If the buyer is baffled by this variety, the developer’s sales department will help him or her make sense of the numerous floor plans with the manual named “Passport of the Functional Use of the Apartment”, which the architects created. It includes a slip with the floor plan and the functional zones of the apartment, which are color-marked. Also, the technical passport contains two characteristic parameters:

1. Functional front – the total length of the furniture that stands in a conditional horizontal line. It visually shows such linear zones as wardrobe and the kitchen front, as well as other zones, which allows the buyer to compare them with one another.

2. Functional space – the floor space of the furniture and other equipment necessary for a certain function, as well as the floor space necessary for its usage. The total functional area of all of the apartment’s zones may exceed the actual physical floor space – due to the fact that one and the same space can be used for different functions. It must be noted at this point that the arrangement of the furniture in the PRO-apartments is not “carved in stone” – the buyers are also given several options to choose from. Due to the fact that the architects use furniture of standard dimensions, the absolute majority of the floor plans are rectangular, and changes can be made without any significant damage to the efficiency.

Zoning of the PRO-apartments © ARKHIMATIKA


The sales department performs yet another function – it gets the customer feedback, thus making the whole selling process truly interactive. The ARKHIMATIKA catalogues currently include about two hundred planning options, this number growing with each new project. When a new option comes around, the architects compare it to the closest-in-the-line PRO-apartment of a smaller square footage. If the extra meters do indeed yield some extra comfort, this planning option gets a PRO status; if not, it is subject to revision.

Such diversity of planning options makes the design process more complex and expensive but, as Alexander Popov claims, this does not affect the price of the PRO-apartments. ARKHIMATIKA is able to keep up its standards even with economy class housing construction. For instance, the “Pasechny” housing project in the city of Lviv (where the real property prices are almost exactly half again as little as they are in Kiev) nevertheless consists of PRO-apartments.

"Pasechny" housing complex © ARKHIMATIKA


Still, building a house with such an insane number of floor planning options is much more difficult than duplicating one standard section: the framework is growing much more complex, and you need to install doors and windows of different sizes. Implementing such a project would be impossible without a highly organized and professional building contractor. ARKHIMATIKA was the first to implement its approach with the building company KAN, with which the architects have been working for more than twelve years now, and with which they have built a dozen of projects.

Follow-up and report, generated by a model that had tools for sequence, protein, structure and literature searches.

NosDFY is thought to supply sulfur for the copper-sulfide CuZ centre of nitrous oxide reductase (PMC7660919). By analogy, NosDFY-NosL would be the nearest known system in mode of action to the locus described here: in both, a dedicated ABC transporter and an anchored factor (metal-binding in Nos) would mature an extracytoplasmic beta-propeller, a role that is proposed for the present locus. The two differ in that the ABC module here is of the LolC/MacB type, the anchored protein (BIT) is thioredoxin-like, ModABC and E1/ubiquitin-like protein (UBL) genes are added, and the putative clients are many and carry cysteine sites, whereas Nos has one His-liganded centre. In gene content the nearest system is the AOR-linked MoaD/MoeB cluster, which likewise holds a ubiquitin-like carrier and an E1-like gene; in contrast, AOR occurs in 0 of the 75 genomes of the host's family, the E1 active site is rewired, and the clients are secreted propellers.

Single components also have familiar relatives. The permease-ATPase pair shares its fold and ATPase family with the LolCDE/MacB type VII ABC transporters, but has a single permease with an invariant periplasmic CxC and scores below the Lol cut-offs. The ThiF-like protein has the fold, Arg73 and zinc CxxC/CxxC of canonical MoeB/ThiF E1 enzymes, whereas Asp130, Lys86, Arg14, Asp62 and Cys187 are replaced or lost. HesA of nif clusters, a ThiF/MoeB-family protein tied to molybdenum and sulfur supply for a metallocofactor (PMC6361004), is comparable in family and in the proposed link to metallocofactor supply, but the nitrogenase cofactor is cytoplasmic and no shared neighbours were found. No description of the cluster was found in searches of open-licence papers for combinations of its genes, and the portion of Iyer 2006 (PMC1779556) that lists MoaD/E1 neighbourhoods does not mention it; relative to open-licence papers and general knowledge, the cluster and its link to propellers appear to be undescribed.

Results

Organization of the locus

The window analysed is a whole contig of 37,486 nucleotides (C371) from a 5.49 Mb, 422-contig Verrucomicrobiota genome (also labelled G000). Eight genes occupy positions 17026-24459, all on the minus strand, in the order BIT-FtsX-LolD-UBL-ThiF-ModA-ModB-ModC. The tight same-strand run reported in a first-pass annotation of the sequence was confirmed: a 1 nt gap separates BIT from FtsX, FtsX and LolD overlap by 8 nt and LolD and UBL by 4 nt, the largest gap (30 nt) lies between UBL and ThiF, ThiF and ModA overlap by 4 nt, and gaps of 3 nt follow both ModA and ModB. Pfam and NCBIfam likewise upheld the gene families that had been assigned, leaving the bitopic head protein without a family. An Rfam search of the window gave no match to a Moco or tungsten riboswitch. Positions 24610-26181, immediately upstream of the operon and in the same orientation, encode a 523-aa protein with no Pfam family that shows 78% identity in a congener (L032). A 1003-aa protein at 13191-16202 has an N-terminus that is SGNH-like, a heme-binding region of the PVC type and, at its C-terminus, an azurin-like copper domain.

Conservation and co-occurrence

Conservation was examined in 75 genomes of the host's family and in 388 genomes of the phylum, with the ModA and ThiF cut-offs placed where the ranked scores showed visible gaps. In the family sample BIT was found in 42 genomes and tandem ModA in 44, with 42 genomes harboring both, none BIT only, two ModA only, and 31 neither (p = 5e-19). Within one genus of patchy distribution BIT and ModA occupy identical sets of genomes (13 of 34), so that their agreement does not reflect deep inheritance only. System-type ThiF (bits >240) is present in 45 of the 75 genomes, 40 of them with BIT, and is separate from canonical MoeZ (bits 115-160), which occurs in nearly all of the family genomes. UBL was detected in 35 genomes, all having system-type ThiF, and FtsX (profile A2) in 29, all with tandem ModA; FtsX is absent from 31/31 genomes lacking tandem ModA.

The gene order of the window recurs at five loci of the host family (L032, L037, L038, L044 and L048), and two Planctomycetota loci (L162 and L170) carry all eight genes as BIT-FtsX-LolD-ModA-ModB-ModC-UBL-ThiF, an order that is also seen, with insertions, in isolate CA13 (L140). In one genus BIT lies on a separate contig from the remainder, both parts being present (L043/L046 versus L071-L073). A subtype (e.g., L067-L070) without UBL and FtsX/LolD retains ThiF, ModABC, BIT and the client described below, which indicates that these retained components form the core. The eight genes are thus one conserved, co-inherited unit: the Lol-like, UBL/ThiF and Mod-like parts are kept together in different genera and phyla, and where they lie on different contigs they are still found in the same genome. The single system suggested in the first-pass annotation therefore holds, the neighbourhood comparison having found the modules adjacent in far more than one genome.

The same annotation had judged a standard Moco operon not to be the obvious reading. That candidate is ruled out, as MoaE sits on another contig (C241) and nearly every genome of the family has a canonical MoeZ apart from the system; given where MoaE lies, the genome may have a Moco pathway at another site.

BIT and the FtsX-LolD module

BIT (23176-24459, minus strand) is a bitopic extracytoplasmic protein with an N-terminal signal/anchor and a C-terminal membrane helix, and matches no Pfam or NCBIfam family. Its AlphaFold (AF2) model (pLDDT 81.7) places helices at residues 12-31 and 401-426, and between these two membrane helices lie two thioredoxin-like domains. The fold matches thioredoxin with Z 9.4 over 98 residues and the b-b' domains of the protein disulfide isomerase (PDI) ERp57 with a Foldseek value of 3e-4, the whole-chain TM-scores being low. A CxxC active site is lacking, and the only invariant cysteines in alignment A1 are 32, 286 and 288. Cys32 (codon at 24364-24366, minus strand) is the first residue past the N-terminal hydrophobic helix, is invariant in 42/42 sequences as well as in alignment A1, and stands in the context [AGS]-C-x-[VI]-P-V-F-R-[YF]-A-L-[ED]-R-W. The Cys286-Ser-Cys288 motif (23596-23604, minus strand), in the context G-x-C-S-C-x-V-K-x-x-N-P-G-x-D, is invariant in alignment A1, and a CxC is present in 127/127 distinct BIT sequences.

The architects of ARKHIMATIKA came to the idea of optimizing the floor plans in 2015 when they developed for KAN a small series of SMART-apartments in the housing project named “Comfort Town”; these were optimally planned but small apartments. Then, developing this idea, the architects came to a conclusion that the principle of functional usage of each square meter is also relevant for large areas of residential property – and this is how the PRO-apartments came about.

Today, in addition to the 40-hectare super-city-block “Faina Town” (KAN), in which he architects had the opportunity for presenting virtually the entire line of PRO-apartments, 7 more housing projects are being built, in which the floor plans were developed on the basis of the PRO concept, in collaboration with KAN: “Respublika” and the last stage of “Comfort Town”, in collaboration with bUd development: “Slavutich 2.0” and “Time” in Kiev, and, last but not least, in Lviv, in collaboration with the company “Vash Dom” (“Your Home”), the housing complex “Pasechny”.

zooming
"Slavutich" housing complex © ARKHIMATIKA


"Time" housing complex © ARKHIMATIKA


The PRO-apartments are but one of the components of the PRO-housing concept, which, as the architects believe, must one day replace what they call “the discomfort class”: the faceless, inconvenient, and human-incompatible housing. Here are other principles that ARKHIMATIKA sticks to while creating the “new generation” housing:
  • PRO-façades
The housing architecture, in addition to solving all the utilitarian tasks, from sewage disposal and heat retention to installing air conditioning units, must express the identity of each house and each city block in such a way that the residents could proudly post selfies made against the background of their house, and the tourist would include walks through these residential areas into their tourist routes.
  • PRO-parking lots
In a multimillion city, there will always be a lack of space, and, therefore, a car that occupies a lot of space is too much of a luxury. This is why parking space – a part of the city territory eaten up by an immobile car – must always be paid for, both on the municipal land and on the territory of the housing complex.
  • PRO-semiprivate
The public space of an urban multi-apartment house must be much larger than just the entrance to the hallway and the corridor with apartment doors; it must also provide all of the functions that are otherwise financially inefficient being placed inside the apartment, from a coworking area for the adults and a playground for children to a swimming pool and a spa center. 
  • PRO-city blocks